mountPath: /var/log
            readinessGates:
            - conditionType: InPlaceUpdateReady
            volumes:
            - name: log-volume
              emptyDir: {}
        updateStrategy:
          type: RollingUpdate
          rollingUpdate:
            podUpdatePolicy: InPlaceIfPossible #We recommend that you perform an in-place upgrade instead of upgrading pods upon recreation.
            maxUnavailable: 20% #A maximum of 20% pods can be unavailable during the release.
            inPlaceUpdateStrategy:
              gracePeriodSeconds: 3 #The graceful period specifies how long a pod stays in the Not-ready state before the controller upgrades the pod in place.
      • type: specifies the upgrade strategy. The following three strategies are supported:
        • ReCreate: The controller deletes the current pods and PVCs, and then creates new pods and PVCs.
        • InPlaceIfPossible: The controller attempts to perform an in-place upgrade. If the attempt fails, the controller upgrades the pods by recreating them.
        • InPlaceOnly: The controller is allowed to perform only in-place upgrades.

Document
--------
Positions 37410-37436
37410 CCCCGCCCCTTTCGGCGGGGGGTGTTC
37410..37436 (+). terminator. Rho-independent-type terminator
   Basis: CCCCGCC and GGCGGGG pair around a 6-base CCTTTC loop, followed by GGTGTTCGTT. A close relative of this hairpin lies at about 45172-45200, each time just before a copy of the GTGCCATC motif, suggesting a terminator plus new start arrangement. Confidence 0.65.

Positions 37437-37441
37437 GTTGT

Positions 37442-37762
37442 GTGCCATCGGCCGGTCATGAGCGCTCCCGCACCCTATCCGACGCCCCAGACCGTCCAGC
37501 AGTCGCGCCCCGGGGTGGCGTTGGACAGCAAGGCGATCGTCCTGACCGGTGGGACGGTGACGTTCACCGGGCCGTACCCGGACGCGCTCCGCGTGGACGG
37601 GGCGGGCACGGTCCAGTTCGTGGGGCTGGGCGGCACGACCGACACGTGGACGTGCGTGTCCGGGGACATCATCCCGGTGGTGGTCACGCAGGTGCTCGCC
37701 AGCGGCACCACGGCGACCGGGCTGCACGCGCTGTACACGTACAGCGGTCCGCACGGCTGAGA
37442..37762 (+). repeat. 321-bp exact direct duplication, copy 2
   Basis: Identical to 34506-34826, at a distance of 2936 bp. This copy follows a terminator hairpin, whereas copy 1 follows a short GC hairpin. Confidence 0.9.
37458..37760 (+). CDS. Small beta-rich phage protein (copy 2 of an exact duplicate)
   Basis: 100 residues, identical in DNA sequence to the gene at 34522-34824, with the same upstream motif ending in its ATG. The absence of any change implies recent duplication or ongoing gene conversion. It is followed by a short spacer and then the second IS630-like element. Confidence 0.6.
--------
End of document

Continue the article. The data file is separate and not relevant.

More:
• maxUnavailable: The maximum number of pods that can be unavailable during the upgrade process. You can specify an absolute value or a percentage value.
      • gracePeriodSeconds: The graceful period specifies how long a pod stays in the Not-ready state before the controller upgrades the pod in place.
    2. Make the statefulset.yaml file effective in the ACK cluster.
       kubectl create -f ./statefulset.yaml

      Expected output:

      statefulset.apps.kruise.io/demo-asts created
  2. Query the states of the pods.
    kubectl get pod

    Expected output:

    NAME          READY   STATUS    RESTARTS   AGE
    demo-asts-0   1/1     Running   0          3h29m
    demo-asts-1   1/1     Running   0          3h29m
    demo-asts-2   1/1     Running   0          3h29m
  3. View the Advanced StatefulSet.
    kubectl get asts

    Expected output:

    NAME        DESIRED   CURRENT   UPDATED   READY   AGE
    demo-asts   3         3         3         3       3h30m
    • DESIRED: the expected number of pods (spec.replicas).
    • UPDATED: the number of pods that are upgraded (status.updatedReplicas).
    • READY: the total number of available pods (status.readyReplicas).
    • TOTAL: the total number of pods (status.replicas).